• Know when a pet is in danger. Symptoms of overheating in pets include excessive panting or difficulty breathing, increased heart and respiratory rate, drooling, mild weakness, unresponsiveness, or even collapse.

Improper Fire Hydrant Use:  

  • The improper opening of fire hydrants can waste 1,000 gallons of water per minute or more, causing flooding on city streets, and dropping water pressure to dangerously low levels, which can hamper the ability of the Fire Department of the City of New York to fight fires safely and quickly.
  • Use “spray caps” to reduce hydrant output to a safe 25 gallons per minute while still providing relief from the heat. To obtain a spray cap, an adult, 18 years or older with proper identification, can go to their local firehouse and request one.

Energy-Saving Tips:  

  • During periods of intense electrical usage, such as on hot, humid days, it is important to conserve energy as much as possible to avoid power disruptions. While diminishing power usage may seem inconvenient, cooperation will help to ensure that utility providers are able to provide uninterrupted electrical service to New Yorkers, particularly those who use electric powered medical equipment or are at risk of heat-related illness and death. Additional tips include:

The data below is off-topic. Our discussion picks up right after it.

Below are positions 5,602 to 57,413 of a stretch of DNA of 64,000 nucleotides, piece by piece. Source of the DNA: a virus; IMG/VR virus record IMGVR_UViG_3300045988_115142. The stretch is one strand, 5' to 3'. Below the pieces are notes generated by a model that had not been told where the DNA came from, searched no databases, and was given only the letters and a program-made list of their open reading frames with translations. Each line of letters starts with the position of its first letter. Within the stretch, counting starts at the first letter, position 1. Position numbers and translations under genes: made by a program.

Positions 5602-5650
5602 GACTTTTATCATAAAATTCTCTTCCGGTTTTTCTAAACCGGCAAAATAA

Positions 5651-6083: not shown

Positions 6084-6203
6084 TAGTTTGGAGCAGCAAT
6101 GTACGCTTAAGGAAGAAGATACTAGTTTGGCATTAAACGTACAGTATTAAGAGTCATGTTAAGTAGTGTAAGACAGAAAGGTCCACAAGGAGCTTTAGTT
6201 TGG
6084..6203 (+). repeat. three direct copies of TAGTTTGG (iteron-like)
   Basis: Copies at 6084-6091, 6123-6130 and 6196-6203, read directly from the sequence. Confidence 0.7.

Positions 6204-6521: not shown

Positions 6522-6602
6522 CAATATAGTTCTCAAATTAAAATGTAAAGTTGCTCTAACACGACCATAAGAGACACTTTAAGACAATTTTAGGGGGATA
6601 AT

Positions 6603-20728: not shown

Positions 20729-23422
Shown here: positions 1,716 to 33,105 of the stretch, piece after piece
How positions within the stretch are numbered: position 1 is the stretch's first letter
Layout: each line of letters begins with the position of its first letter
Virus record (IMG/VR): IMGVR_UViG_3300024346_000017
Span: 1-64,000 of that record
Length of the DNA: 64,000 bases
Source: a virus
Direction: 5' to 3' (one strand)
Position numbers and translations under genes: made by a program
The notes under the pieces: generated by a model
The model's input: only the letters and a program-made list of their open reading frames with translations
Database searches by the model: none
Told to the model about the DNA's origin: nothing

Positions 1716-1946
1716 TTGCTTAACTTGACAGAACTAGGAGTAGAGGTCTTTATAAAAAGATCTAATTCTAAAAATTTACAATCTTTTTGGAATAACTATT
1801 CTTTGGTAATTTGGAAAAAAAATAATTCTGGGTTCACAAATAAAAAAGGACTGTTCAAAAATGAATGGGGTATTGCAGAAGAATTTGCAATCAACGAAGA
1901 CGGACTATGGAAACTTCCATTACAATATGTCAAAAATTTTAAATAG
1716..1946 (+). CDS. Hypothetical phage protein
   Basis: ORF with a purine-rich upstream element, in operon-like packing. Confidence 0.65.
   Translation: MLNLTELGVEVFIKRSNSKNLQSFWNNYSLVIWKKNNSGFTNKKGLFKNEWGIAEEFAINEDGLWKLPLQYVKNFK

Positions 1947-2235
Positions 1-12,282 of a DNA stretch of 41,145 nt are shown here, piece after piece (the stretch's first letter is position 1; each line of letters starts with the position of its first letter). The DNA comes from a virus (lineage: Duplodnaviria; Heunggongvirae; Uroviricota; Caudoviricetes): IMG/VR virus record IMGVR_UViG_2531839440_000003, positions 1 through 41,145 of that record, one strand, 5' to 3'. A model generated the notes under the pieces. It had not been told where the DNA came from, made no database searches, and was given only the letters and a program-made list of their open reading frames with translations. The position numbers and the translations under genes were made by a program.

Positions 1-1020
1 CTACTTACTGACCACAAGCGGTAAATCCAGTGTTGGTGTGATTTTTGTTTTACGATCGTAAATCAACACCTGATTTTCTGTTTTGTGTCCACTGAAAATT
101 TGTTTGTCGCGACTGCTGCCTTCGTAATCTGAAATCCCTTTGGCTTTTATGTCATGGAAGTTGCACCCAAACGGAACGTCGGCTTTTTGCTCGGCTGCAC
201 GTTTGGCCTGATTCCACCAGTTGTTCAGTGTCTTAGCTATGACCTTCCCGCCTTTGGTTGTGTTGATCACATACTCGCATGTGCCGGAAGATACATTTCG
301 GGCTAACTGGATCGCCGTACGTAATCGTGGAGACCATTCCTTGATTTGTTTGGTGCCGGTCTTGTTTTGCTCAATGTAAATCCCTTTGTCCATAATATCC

• Preset air conditioners to 78 degrees Fahrenheit or “low.”
  • Run appliances such as ovens, washing machines, dryers, and dishwashers in the early morning or late at night when it is cooler outside to reduce heat and moisture in homes.
  • Close doors to keep cool air in and hot air out when an air conditioner is running.
  • Keep shades, blinds, and curtains closed. About 40 percent of unwanted heat comes through windows.
  • Turn off air conditioners, lights, and other appliances when not at home, and use a timer or smart technology to turn on air conditioners about a half-hour before arriving home. Keep air conditioner filters clean.
  • Businesses should keep their doors closed while an air conditioner is running.
  • Tell utility providers if someone in the home depends on medical equipment that requires electricity.

Additionally, to mark National Heat Awareness Day on May 31st, the Mayor’s Public Engagement Unit (PEU) will host a day of action in the South Bronx, focused on connecting New Yorkers to NYCEM’s new resources and to the Home Energy Assistance Program (HEAP). Through HEAP, income-eligible New Yorkers can receive a financial benefit towards the purchase of an air conditioner.

Air Quality